Carol and Sandra

From left, Sandra Wilkes visited with Oklahoma City mayoral candidate Carol Hefner at a recent banquet hosted by the Oklahoma Conservative Political Action Committee.

Oklahoma City – Incumbent Mayor David Holt and his consultant, a fellow with a great first name (Pat, as in McFerron) have consistently projected confidence about securing a second four-year term in the February 8 election.
In initial analysis this reporter deemed Holt “well-positioned” for reelection.
However, by the time that same report went online, these words were added: “Barring unforeseen circumstances.”
And then came Carol -- as in Hefner. She is also well-positioned, at least to make the election interesting.
A businesswoman and active Republican leader, she has among other posts been Fundraising Chair for the state Republican Party and was Governor Kevin Stitt’s Inaugural Coordinator in 2019, after his underdog victory in the 2018 GOP primary season and November general election.
The mayor has hundreds of announced supporters, but Hefner is steadily garnering her share of notable backers, including Republican legislators such as Senator Shane Jett and Representative Denise Crosswhite Hader.
Canadian County Commissioner Marc Hader jumped in for Hefner, as did General Rita Aragon (ret.), the former Commander of the Oklahoma National Guard. Aragon puts a familiar face and voice on Hefner’s outreach to the sisterhood of women leaders in the state.
Just before Christmas, U.S. Navy (retired) Rear Admiral Greg Slavonic announced his support for Hefner. Also backing Hefner’s candidacy are these groups: Oklahomans For Health & Parental Rights, the Oklahoma Second Amendment Association, the Oklahoma Conservative Political Action Committee (OCPAC).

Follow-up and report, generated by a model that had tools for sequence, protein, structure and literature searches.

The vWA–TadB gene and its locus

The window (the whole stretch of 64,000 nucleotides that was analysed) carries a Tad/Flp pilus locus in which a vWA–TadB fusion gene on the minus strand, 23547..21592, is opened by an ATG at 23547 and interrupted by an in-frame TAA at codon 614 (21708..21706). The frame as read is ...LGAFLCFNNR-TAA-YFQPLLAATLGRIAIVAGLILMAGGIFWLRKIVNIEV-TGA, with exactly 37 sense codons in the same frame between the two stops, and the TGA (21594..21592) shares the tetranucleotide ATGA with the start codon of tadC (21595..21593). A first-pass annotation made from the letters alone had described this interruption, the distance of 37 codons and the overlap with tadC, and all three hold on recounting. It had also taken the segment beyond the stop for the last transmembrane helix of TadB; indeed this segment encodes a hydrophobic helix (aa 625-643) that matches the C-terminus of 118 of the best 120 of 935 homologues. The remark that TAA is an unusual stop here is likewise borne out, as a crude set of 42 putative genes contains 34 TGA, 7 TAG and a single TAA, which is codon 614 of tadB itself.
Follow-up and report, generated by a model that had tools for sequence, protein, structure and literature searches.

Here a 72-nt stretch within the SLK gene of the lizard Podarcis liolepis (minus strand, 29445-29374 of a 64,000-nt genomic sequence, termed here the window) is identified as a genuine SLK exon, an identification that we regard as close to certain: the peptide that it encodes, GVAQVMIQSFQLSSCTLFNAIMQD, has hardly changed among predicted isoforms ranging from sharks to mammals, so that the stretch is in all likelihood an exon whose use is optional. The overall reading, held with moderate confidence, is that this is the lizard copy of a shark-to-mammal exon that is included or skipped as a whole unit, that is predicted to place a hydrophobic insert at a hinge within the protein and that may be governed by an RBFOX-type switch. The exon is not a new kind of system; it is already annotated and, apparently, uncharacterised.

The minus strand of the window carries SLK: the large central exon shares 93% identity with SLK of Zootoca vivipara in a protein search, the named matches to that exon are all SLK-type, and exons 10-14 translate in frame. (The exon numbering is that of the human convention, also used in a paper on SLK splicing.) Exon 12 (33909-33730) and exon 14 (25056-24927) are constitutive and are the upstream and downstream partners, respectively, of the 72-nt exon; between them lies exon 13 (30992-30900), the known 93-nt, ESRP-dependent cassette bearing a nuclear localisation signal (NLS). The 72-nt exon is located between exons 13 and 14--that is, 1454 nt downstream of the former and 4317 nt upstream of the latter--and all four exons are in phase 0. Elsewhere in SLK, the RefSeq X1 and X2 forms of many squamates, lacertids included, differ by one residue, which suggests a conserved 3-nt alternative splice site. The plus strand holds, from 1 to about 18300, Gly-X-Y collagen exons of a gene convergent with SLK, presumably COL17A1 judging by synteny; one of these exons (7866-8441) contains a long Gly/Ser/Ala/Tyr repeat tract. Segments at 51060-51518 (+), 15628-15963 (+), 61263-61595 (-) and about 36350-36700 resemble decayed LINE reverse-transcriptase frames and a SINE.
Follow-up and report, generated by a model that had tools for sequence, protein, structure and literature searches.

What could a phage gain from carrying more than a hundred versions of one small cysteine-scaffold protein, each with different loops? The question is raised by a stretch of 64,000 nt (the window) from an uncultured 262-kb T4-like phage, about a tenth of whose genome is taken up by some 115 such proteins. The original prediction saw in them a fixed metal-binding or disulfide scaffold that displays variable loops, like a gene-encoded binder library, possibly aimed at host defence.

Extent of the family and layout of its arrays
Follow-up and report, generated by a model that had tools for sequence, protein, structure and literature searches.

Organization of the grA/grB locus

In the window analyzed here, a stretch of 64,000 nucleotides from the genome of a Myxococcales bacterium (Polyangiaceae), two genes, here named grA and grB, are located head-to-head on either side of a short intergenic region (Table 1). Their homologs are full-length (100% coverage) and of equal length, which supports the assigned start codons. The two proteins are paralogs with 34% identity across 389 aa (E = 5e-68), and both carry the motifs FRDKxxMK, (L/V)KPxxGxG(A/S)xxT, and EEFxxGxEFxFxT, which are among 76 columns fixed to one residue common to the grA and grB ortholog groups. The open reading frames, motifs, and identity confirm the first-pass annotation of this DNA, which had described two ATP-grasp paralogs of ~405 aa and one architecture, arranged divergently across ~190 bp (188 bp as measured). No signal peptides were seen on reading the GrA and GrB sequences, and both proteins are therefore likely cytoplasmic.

Another notable Hefner supporter is Canadian County Sheriff Chris West, whose jurisdiction includes parts of Oklahoma City.
The most notable recent endorsement for the challenger came this week, when the Oklahoma County Republican Party endorsed Hefner for mayor.
In an interview with The Oklahoma City Sentinel, county chairman Ken Warner said,
“The bottom line is the Executive Committee felt Carol was the best choice. We voted, and she easily was the winner.”
He said members of the local GOP leadership “have nothing against” a local conservative attorney who is also challenging Mayor Holt. That candidate has raised little money.
Warner said, “Our goal is to get [David] Holt defeated. I don’t think he’s a Republican. I don’t believe in mandates. I have nothing against him in particular, other than his policies. We Republicans want to follow the Constitution to the letter of the law.”
(A fourth candidate seeking the job is Jimmy Lawson, a well-known community activist considered politically liberal or “Progressive”. Lawson garnered widespread awareness around the city, state and nation for his efforts in support of Julius Jones, his lifelong friend, whose death sentence for a 1999 murder was recently commuted to life without possibility of parole.)
Herner’s original announcement statement included hints the sprint to election day could turn contentious: "It’s time for a real conservative. That’s why I’m running for Mayor. Our city deserves bold and dynamic leadership with an emphasis on traditional American values that have built our stability. People look to us from the liberal cities and want what we have. We don’t need a liberal progressive trying to change our Oklahoma culture."
Billboards with candidate Hefner’s visage and message have multiplied across the city, and her radio advertisements began encouraging support in recent days. She’s had several fundraising events she describes as successful.
The Tuesday, February 8 “general election” is technically a primary.
If any candidate does not reach 50 per cent support, a runoff will be held April 5.
The odds seem against her, but Carol Hefner’s stated goal is this: She’s in it, to win it.
NOTE: This is updated from a story that first appeared in the January 2022 print edition of The Oklahoma City Sentinel.

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